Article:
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'It keeps me up at night': Child-care providers in Ontario unsure if they will opt in to federal plan

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Ontario guidelines have been creating some confusion, as some child-care providers find there are too many grey areas as the Sept. 1 deadline looms
Lévesque, Catherine
Publication Date: 
8 Jun 2022


Kim Yeaman, director of Innisfil’s Simcoe Childcare Services, does not know if she will be opting in the federal deal that was signed with Ontario earlier this year.

The province released guidelines in late April, days before it went into a month-long election, that left service providers with more questions than answers. Those guidelines were handed down to municipalities, which have the responsibility to manage child-care services.

Child-care providers like Yeaman are now awaiting some clarity on the way forward, as the September 1 deadline to opt into the program for the current year is fast approaching.

“It keeps me up at night that I possibly will not be offering this to my parents. It just… keeps me up at night. That’s not something that I want to do, but at the same time, we still have to be able to pay our bills,” said Yeaman in an interview with the National Post.

“Right now, there’s just not enough information to know what to do.”

The federal government committed to a national child-care system in its 2021 budget and managed to sign an agreement with all provinces and territories. Ontario was the last jurisdiction to sign on to the deal, negotiating to receive $13.2 billion over six years to fund the program.

The goal is to reach an average parent fee of $10 a day by 2025-2026 for licensed child-care spaces and create 86,000 spaces relative to the 2019 levels.

But operating details as laid out in the Ontario guidelines have been creating some confusion, as some child-care providers find there are too many grey areas concerning “unreasonable” or “ineligible” expenses that could give the right to service system managers to deny funds.

Valerie Smith, president of Sessila Academy Inc. in Ottawa, recently sent out an email to parents who have children in one of their two private daycares stating these issues and explaining why they might also opt out of the agreement struck with the federal government.

“Why does Joe from the city get to decide what expenses are reasonable for the children at Sessila Academy and which expenses are too luxurious?” she wrote.

Smith also took issue with the wage increase touted by the province, which represents an extra $1/hour in addition to the $2/hour wage enhancement from the current funding program. But that will only apply to childhood educators who earn the minimum wage, she said.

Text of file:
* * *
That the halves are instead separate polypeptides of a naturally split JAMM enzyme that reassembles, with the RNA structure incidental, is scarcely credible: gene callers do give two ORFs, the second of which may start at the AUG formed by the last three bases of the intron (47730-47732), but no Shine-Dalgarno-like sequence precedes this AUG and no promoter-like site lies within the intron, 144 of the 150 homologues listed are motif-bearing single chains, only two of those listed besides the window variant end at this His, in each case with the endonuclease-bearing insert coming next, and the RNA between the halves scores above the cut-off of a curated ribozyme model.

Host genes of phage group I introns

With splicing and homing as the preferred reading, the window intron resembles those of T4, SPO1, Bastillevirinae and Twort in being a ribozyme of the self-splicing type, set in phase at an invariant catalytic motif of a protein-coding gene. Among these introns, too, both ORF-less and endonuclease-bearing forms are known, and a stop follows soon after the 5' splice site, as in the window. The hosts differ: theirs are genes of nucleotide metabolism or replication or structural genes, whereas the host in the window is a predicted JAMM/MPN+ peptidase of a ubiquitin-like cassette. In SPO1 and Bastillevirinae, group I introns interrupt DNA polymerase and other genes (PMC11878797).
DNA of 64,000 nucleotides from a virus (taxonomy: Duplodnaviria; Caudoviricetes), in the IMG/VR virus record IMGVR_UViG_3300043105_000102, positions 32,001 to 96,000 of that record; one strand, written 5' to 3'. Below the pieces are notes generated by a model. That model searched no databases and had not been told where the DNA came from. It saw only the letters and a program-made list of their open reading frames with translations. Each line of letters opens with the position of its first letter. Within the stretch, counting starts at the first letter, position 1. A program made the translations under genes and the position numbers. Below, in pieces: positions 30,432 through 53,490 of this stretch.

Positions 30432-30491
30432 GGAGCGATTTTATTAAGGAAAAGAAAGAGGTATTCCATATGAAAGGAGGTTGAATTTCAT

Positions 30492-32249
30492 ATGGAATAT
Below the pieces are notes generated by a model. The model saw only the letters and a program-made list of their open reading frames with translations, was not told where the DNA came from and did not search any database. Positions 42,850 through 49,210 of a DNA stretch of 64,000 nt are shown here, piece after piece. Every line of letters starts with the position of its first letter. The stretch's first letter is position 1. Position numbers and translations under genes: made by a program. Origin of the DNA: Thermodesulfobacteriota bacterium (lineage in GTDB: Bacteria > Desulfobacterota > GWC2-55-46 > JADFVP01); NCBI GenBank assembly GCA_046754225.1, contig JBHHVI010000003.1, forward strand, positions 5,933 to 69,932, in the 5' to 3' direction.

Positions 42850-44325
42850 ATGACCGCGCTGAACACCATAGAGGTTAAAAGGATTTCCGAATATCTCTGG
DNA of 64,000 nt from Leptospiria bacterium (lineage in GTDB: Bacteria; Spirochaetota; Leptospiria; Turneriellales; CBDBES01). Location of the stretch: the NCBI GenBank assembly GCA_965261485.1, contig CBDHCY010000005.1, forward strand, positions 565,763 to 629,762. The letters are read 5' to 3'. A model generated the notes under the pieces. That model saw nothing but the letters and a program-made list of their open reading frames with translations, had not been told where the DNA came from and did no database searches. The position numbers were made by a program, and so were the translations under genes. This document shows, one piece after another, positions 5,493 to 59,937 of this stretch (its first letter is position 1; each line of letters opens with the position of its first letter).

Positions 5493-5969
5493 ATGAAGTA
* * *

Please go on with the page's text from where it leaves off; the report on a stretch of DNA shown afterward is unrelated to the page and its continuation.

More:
“The problem is, no one makes minimum wage,” she wrote in the email.

A source within the federal government who was granted anonymity to discuss internal matters explained to the National Post that child-care providers in Nova Scotia had also voiced similar concerns at the beginning of the process, but they managed to have a high uptake in the end.

“So we expect to see something similar in Ontario.”

The source conceded there is “a lot of bureaucratic language” in the 74-page document given by the provincial government with its guidelines, but “the only thing that’s missing is the ability for the government to communicate each of those pieces” now that the election has passed.

Ingrid E. Anderson, spokesperson for Ontario’s Ministry of Education, insisted that the “2022 funding allocations are sufficient to support the full cost of reducing parent fees and improving compensation for qualified workers and have been indexed to address the impact of inflation.”

The City of Ottawa, for its part, simply referred to a memo sent last month saying that “additional information” and “proposed policy approvals” will be provided to the council before June 30.

That will leave only two months for child-care providers, in the middle of the summer, to determine if they want to opt in the federal regime. But it might be too short of a timeline, according to Andrea Hannen, Association of Day Care Operators of Ontario.

“They say the devils in the details, and that really is right. There’ll be a lot of specifics in there. And it’s going to be important for child-care owner operators to have enough time to take a look at what municipalities are presenting and determine whether or not they want to participate.”

Yeaman, who said that the county of Simcoe is holding consultations at the moment, also agrees that the deadline of September 1 is “way too fast” and that many providers could decide to not come to the table because of the short timeline.

“You’re trying to make a decision for the next five years. And if you don’t know what that looks like, how can you make that decision financially … without a clear understanding of what the rules and regulations are?”